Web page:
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Oklahoma City apartment sale prices go sky high in 2013

by Richard Mize Modified: January 25, 2014 at 10:00 am •  Published: January 25, 2014
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Apartment sales broke records here last year — again.

The standout was Greystar Real Estate Partners' purchase of all four former Legacy apartment complexes from Inland American Real Estate Trust Inc. for a combined $151.6 million.

Greystar, based in Charleston, S.C., and founded and led by Oklahoma native Bob Faith, paid $48.75 million, about $161,000 per unit, for 303-unit Legacy at Arts Quarter, built downtown at 301 N Walker Ave. in 2007. The price per unit was a record across all categories and classes of apartments. The complex is now called Avana Arts District.

Greystar also paid $31.7 million (about $106,000 per unit) for 298-unit Legacy Corner, 777 N Air Depot Blvd. in Midwest City; $38.53 million (about $97,000 per unit) for 396-unit Legacy Crossing, 3131 SW 89; and $32.6 million (about $99,000 per unit) for 328-unit Legacy Woods, 1919 E Second St. in Edmond, and changed their names.

That put the average price per unit for apartments built since 1995 at just more than $112,000 per unit, according to CB Richard Ellis-Oklahoma's year-end multifamily property report.

At the other end of the market, 1970s complexes with more than 50 apartments sold for an average of $22,447 per unit — ranging from $7,729 to $42,669, brokers William T Forrest and Eva M. Wills noted in the report.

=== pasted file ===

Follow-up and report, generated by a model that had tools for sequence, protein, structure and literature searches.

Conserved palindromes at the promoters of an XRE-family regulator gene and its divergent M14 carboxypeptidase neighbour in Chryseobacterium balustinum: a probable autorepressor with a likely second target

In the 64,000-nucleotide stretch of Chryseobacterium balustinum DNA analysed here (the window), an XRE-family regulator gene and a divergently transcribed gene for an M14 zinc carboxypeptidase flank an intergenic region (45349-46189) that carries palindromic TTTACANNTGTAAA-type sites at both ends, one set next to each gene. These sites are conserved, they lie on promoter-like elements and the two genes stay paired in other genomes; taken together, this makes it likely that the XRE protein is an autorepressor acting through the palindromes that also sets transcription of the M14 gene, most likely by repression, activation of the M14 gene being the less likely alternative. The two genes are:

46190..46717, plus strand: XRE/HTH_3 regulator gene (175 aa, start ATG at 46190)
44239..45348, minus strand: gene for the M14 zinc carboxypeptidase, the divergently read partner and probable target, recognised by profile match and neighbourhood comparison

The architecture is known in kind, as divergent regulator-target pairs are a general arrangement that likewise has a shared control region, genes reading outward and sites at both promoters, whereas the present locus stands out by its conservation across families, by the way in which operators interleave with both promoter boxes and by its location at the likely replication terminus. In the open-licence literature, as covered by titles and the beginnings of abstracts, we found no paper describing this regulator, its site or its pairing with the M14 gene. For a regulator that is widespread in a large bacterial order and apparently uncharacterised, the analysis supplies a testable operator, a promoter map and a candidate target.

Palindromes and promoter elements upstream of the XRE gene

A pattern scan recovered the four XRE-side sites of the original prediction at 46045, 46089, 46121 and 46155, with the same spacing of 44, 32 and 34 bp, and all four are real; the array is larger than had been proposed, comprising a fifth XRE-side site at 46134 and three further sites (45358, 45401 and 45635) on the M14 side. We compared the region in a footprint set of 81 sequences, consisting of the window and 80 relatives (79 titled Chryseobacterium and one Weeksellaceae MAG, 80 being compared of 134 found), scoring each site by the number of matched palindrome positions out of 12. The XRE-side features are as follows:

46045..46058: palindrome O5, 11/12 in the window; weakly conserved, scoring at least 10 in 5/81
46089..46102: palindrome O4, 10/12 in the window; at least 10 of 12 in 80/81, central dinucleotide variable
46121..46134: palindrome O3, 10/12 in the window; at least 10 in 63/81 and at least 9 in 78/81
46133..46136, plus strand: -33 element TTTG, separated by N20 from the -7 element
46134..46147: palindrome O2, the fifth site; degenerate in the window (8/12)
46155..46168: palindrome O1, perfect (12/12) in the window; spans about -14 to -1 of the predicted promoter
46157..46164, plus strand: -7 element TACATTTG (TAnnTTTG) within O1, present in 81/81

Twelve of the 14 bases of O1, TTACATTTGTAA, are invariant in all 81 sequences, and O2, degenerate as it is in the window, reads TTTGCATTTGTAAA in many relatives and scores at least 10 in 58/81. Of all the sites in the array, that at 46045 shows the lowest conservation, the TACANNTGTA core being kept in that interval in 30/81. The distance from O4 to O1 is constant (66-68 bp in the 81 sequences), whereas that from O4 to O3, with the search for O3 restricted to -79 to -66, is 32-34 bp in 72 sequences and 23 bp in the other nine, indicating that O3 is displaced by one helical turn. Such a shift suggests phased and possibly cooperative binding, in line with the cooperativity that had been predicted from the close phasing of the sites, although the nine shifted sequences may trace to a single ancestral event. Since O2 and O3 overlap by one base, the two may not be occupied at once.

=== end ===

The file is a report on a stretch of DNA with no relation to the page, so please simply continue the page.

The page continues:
Oklahoma City's strong economy continued investor interest, significant purchase and renovation — or demolition — of lower-end properties and the May tornadoes all combined to bolster the market for sales, keep occupancies stable even with new apartments being constructed and push rents up.

“Following the trend of 2012, multifamily in Oklahoma rose to astronomical levels in 2013. With strong demand and new supply, the rising tide of the apartment sector raised virtually all ships,” broker Mike Buhl wrote in Norman-based Commercial Realty Resources Co.'s year-end report.

With the best and newest apartments commanding record prices, Class B properties have become the “preferred asset choice” for investors and demand has grown for Class C properties, Buhl said.

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by Richard Mize
Real Estate Editor
Real estate editor Richard Mize has edited The Oklahoman's weekly residential real estate section and covered housing, commercial real estate, construction, development, finance and related business since 1999. From 1989 to 1999, he worked...
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